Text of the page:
Events in boxing where more than 13,000 fans fill one half of a soccer stadium are moments one should savor.
Not last Thursday.
The boxing card held in San Jose, Costa Rica should have been a night for boxing comparable to graduation night. It should have been a moment of celebration, instead it was an evening filled with disappointment and disillusionment for professional prizefighting.
Costa Rica’s heroine Hanna Gabriel belted out Melisenda Perez after seven rounds of a back and forth struggle to end the night and retain her WBO junior middleweight title. But a terrible bitter taste from two prior fights probably sent a message to the fans that some things don’t add up correctly: like boxing judges' score cards.
A fight for the vacant IBF junior featherweight title between Puerto Rico’s Ada Velez who lives in Florida and Nevada’s Melinda Cooper left many fans in the stadium puzzled.
Velez was given the title belt by split decision after 10 rounds with Cooper. Though she fought valiantly and with skill the Puerto Rican boxer did not win the fight in the ring. She was never the aggressor and despite some taps to Cooper’s stomach in the first three rounds, and a solid punch or two in the fight, she did not win six rounds in the end.
Velez vs. Cooper
Cooper was introduced to the crowd with the song “Born In The USA” playing and the crowd booed her entrance. It was a long walk of about 100 yards and every step of the way the boos cascaded.
Velez was then introduced, and though the crowd support wasn’t great, she wasn’t from the hated U.S.A. and had some applause. It was a precursor of what to expect from the judges in the fight.
In the first round Velez shot some jabs to Cooper’s body but the best punches were lead rights by Cooper to the head and body. Her quickness was obvious as she beat Velez to the punch.
Both fighters got closer in the second round with Velez landing a good left. During an exchange Cooper landed more than she absorbed. Though both fired, Cooper slipped more than Velez.
A check hook by Cooper landed in the third round but Velez countered with a right hook and clinched. Some right uppercuts and right hooks landed for the Puerto Rican southpaw and gave her the round.
Cooper opened up the fourth round with a solid one-two combination. All through the fight Cooper was the aggressor as Velez seldom fired the first punch. Cooper pinned Velez in a neutral corner and fired a volley that snapped Velez’s head back and wobbled her toward the end of the round.
Velez tried to rally in the fifth round and landed a few counter lefts. Cooper fired back and both exchanged. The Nevada fighter’s punches were much more solid and packed more power, probably because Velez was always moving away and never going forward.
Cooper won the sixth round as Velez refused to initiate any punches. When punches were thrown it was Cooper’s that connected.
Velez connected on some counters in the beginning of the seventh round, but Cooper unloaded a four-punch combination and followed that with a three punch combination. A video replay of the barrage was shown on the big screen showing Cooper connecting and Velez wincing from the impact.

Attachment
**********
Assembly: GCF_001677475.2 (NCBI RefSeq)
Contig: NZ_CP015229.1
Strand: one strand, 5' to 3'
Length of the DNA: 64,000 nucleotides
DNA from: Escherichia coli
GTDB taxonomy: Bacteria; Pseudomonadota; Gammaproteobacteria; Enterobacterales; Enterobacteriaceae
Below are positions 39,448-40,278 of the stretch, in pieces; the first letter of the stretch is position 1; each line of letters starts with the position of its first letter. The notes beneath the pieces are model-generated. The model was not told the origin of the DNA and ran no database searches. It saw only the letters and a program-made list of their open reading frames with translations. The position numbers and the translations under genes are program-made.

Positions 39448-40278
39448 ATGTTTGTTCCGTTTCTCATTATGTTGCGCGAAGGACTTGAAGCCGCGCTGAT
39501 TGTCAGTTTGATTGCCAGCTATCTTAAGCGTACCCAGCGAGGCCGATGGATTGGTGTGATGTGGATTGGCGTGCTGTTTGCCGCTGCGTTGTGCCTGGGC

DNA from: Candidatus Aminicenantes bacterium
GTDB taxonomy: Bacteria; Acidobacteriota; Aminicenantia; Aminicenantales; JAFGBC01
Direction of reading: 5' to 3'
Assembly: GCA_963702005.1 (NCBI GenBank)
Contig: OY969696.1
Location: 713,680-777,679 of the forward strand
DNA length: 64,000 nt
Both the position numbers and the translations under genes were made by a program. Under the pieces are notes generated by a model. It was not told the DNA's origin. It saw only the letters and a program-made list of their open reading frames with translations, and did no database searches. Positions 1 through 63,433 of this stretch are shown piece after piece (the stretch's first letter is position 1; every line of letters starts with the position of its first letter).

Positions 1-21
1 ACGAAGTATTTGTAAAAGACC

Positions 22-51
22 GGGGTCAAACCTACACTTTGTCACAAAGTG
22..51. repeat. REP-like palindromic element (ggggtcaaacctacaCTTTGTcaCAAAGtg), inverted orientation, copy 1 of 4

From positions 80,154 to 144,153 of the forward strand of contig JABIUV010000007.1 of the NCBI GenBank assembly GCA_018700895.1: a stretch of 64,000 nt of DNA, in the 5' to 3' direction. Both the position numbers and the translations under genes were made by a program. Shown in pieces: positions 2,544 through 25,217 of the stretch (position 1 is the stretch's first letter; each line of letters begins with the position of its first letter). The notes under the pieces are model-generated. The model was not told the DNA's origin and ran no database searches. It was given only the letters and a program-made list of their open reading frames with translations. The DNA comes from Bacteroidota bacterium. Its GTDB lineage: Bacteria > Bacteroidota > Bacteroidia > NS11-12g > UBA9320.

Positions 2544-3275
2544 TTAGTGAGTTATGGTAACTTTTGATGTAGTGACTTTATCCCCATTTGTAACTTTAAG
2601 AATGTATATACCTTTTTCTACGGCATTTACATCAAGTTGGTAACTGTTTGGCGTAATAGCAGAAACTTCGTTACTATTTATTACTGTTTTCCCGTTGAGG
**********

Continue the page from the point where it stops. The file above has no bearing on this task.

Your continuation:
In the eighth round Cooper fired a one-two combination and then both exchanged several times. Cooper’s punches were coming in with speed and Velez took them and countered with a right hook on the button. Cooper retaliated with two counters then opened up with a three-punch combination.
The last two rounds saw both fighters feinting and circling each other. It seemed Cooper felt she was winning the fight easily and Velez felt she couldn’t afford to be knocked down. Few punches were thrown but those that were fired mostly came from Cooper. Velez countered but did not land anything flush.
When the announcer read the score cards he read them backwards so it was confusing for a moment. The American judge scored it 96-94 for Cooper but the Puerto Rican and Costa Rican judges scored it 96-94 for Velez.
Many in the crowd were puzzled when they saw Velez’s arm raised in victory.
It was a shocking development but even more so was the fight prior where Florida’s Stacey Reile was given the decision over Dominican Republic’s Dahiana Santana for the vacant IBF featherweight title.
Reile is a very tough girl with guts to spare, but her technique is poor and she has the worst jab in the business. It’s not really a jab. She puts it up high then comes down with it as if she was tagging someone. None of her punches are straight, they all kind of look like girls punching in a cat fight. I hate to say it but she landed few punches cleanly.
Santana boxed and fired straight punches and connected often. Nothing was fired hard but she probably out-connected Reile five to one after 10 rounds. She tired in the middle rounds and that enabled Reile to win a few rounds just with activity. But just barely. It looked like the judges would easily find Santana the winner but the Floridian’s arms were raised causing the first shock of the evening. Many of the fans in the stands were watching their first boxing card and must have been puzzled by the announcement.
In the end the two Florida fighters were given the wins, the titles and undeserving recognition.
Most fights I attend I score the fights round by round. I assess each fight with no preconceived notion. Whether I know the fighter or not my scores are based in blows landed, the power of those punches and who’s going forward and who’s going backward. But to make sure I ask bystanders their opinion.
Of the half dozen people I asked no one thought Velez beat Cooper or that Reile beat Santana. For the 13,000 fans in the stadium I’m sure a majority walked out wondering about those decisions too.
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